Cross-site scripting (XSS) is the most common attack targeting application layers, and it’s included in OWASP’s list of the top 10 software security risks. XSS is frequently found in Web-based applications, including browsers. These scripts are executed within the user’s web browser instead of the server.
How XSS works
Client-side scripting languages, such as commonly used HTML and Java Script, are innately weak to XSS. In order for the rich content made possible by Java Script or HTML to function on a PC, there must be some client-side execution. TechRepublic points out that increasing the complexity of any function naturally results in increased vulnerability; the challenge is balancing essential functionality while minimizing vulnerabilities.
Most of these vulnerabilities occur when untrusted data is sent to a Web browser. However, with proper precautions and training, developers can avoid introducing such vulnerabilities to their code in the first place.
These exploits utilize Java Script to execute code on the client side, although the Website used to gain access doesn’t actually have to be utilizing Java Script for this to occur. These scripts can be embedded on a page so that it will execute each time the page is loaded. XSS can allow hackers to obtain sensitive data or tamper with the functionality of a PC by displaying arbitrary data or initiating random commands. In some cases, the attacker can control the victim’s Web browser remotely.
How is XSS executed?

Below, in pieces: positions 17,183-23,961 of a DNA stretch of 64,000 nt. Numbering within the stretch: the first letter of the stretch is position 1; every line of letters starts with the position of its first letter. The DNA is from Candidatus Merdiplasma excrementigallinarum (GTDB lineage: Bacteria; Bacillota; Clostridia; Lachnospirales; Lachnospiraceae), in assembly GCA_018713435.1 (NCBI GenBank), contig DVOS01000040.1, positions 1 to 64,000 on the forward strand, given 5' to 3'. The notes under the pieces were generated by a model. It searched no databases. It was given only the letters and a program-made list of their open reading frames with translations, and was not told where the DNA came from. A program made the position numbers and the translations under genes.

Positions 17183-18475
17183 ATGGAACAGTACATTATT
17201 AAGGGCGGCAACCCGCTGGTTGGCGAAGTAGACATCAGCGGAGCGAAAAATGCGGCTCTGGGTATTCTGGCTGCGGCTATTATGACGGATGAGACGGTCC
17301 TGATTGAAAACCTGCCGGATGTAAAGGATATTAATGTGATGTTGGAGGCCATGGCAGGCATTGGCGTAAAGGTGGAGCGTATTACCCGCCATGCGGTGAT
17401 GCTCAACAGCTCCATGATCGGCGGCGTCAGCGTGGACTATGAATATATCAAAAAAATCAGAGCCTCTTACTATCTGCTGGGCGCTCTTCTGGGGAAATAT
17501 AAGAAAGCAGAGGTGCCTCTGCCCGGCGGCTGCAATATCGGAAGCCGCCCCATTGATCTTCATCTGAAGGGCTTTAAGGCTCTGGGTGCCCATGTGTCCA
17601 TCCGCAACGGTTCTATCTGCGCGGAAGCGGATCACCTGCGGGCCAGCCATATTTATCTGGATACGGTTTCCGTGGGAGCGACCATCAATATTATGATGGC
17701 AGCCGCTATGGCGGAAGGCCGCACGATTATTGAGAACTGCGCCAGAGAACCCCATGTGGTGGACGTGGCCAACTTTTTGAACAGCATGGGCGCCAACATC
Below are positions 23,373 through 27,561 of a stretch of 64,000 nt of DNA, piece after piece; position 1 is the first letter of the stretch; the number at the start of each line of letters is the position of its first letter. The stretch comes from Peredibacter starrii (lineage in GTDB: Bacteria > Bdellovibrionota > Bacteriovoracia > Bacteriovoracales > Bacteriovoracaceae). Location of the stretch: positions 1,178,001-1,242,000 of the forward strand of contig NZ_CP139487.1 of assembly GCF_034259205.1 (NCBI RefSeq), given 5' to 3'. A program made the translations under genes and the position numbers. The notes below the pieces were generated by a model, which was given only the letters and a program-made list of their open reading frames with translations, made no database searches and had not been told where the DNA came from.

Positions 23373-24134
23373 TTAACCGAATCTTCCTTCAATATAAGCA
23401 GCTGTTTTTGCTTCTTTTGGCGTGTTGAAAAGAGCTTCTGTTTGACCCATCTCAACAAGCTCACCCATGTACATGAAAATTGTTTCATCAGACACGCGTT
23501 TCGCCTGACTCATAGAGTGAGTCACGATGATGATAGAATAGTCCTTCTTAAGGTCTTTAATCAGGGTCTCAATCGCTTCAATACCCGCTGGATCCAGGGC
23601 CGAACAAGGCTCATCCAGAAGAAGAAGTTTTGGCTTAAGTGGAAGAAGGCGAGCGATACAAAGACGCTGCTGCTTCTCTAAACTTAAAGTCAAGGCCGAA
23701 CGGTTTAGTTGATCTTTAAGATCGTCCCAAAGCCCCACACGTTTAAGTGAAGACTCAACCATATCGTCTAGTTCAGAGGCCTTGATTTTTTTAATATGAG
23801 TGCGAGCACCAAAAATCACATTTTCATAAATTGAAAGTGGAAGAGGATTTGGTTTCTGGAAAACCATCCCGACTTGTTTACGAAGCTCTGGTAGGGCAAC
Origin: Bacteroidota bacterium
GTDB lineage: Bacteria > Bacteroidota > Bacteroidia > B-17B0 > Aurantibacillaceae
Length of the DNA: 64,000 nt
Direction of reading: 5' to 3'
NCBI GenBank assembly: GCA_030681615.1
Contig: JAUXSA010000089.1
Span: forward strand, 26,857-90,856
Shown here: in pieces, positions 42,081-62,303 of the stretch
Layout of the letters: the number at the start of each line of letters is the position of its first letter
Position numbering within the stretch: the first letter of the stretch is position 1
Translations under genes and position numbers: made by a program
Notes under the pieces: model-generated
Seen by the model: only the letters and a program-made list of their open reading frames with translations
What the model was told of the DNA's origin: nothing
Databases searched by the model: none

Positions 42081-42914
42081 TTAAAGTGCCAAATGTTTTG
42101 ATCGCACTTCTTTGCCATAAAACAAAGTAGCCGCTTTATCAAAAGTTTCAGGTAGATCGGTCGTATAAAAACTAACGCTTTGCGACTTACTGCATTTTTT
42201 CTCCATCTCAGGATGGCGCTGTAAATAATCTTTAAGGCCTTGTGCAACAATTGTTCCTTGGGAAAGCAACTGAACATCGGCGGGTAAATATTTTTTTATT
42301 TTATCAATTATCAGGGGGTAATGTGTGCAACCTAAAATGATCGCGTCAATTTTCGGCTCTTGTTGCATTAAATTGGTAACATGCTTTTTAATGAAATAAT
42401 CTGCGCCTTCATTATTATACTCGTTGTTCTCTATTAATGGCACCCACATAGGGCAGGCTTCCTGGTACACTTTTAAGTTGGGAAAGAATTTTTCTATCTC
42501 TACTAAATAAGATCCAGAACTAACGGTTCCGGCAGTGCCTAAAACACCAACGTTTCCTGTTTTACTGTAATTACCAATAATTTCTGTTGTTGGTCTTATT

Most frequently, the user is duped into allowing the malicious Script to run. This is typically done using decoys, such as sending a link in an email disguised as something else. The user could think the link is trusted, click it, resulting in successful execution of the code.
Malicious scripts can also be executed within the context of a Web application that displays profiles. For instance, if the user name input field isn’t properly protected, an attacker could input malicious Java Script as a part of his user name. Any time another user views that profile, the script is executed in their browser session.
Veracode’s XSS Security Solution
Because of the nature of XSS, it can bypass traditional security restrictions. Fortunately, XSS is easy to detect and remedy. Veracode offersVeracode Free XSS Detection Service, a tool enabling developers to ensure the security of their applications. Users simply upload a Java application and Veracode pinpoints potential vulnerabilities down to a single line of code. Finally, users receive a report that can be used to ensure customers of the security of an application.
Veracode’s State of Software Security Report, Vol. 2, points out that most security issues can be fixed within an average of 16 days. In these cases, developers who have scanned and discovered flaws have taken steps to remediate those flaws and then rescanned their applications.
In some cases, XSS vulnerabilities are thought of as merely trivial, and in fact, many can be defined as such. But this doesn’t speak to the complexity of actually fixing issues, but rather to the willingness of a business to consider XSS as a viable threat and make efforts to reduce threats in their applications.
By evaluating applications on a case by case basis and narrowing down vulnerabilities to a single line of code, developers can easily detect flaws and quickly identify ways to patch and repair vulnerabilities. Veracode’s Free XSS Detection Service is the first step for any business or developer in producing safe, reliable applications for partners, customers and users.
ABOUT AUTHOR :
Fergal Glynn is the Director of Product Marketing at Veracode, an award-winning application security company specializing in the Veracode’s XSS security solutions and other security breaches with effective risk assessment tools